The name derives from that of the Greek hero Achille who is said to have employed the astringent qualities of the. filipendulina to treat its wounds. The genus includes perennial rustic plants for the garden or for the rock garden, typical of the temperate zones of the northern hemisphere; several species are alpine.
Cultivated species of Achillea:
A. filipendulina, syn. Achillea eupatorium (about 1.50 m), pinnate leaves, peeping flowers, yellow, gathered in dense flattened corymbs. There are various cultivars; Achillea millefolium, a yarrow (cm 30 – m 1), bipinnate leaves, flat corymbs with pink or white flowers, the type is common in pre-alpine pastures; the varieties grown for the garden have more showy flowers, also red, deriving from the rubra variety; A. ptarmica (60 cm), suitable for the northern regions, with linear-lanceolate leaves and white flower heads whose cultivars, with double flowers, are also widely used for cut flowers; Achillea ageratifolia, A. crysocoma, A. tomentosa and several others are used in rock gardens, especially in alpine type; they are all low, ground-covering, with yellow or white flowers.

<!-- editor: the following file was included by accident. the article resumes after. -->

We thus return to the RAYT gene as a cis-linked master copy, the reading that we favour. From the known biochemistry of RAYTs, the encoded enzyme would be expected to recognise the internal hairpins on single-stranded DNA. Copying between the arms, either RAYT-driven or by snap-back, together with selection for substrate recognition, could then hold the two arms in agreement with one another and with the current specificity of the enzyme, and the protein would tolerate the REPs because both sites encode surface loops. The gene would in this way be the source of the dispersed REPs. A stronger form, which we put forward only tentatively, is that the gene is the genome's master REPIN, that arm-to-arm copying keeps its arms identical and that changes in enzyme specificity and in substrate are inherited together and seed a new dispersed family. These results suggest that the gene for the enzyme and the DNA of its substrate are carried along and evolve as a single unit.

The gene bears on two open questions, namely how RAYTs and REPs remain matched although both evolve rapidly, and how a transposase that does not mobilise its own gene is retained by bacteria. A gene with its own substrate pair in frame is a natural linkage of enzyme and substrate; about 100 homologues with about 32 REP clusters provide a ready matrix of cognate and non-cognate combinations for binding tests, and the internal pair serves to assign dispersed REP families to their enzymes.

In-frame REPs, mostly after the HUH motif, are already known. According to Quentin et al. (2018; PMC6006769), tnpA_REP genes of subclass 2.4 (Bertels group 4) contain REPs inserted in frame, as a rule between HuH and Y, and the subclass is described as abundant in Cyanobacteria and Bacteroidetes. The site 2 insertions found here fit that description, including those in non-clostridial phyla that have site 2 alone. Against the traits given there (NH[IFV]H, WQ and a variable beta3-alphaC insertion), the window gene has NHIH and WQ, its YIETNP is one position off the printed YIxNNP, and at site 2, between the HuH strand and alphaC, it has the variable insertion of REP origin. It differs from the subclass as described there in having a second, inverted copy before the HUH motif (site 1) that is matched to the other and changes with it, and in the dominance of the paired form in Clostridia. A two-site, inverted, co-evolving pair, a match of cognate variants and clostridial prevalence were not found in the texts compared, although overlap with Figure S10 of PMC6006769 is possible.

the Achillea do not have particular needs of soil, provided it is permeable and well drained. While they mostly prefer slightly calcareous soils, they also adapt well to acid soils. Sunny position, partial shade in warm climates. The multiplication can be done by division in spring or autumn or by seed in spring.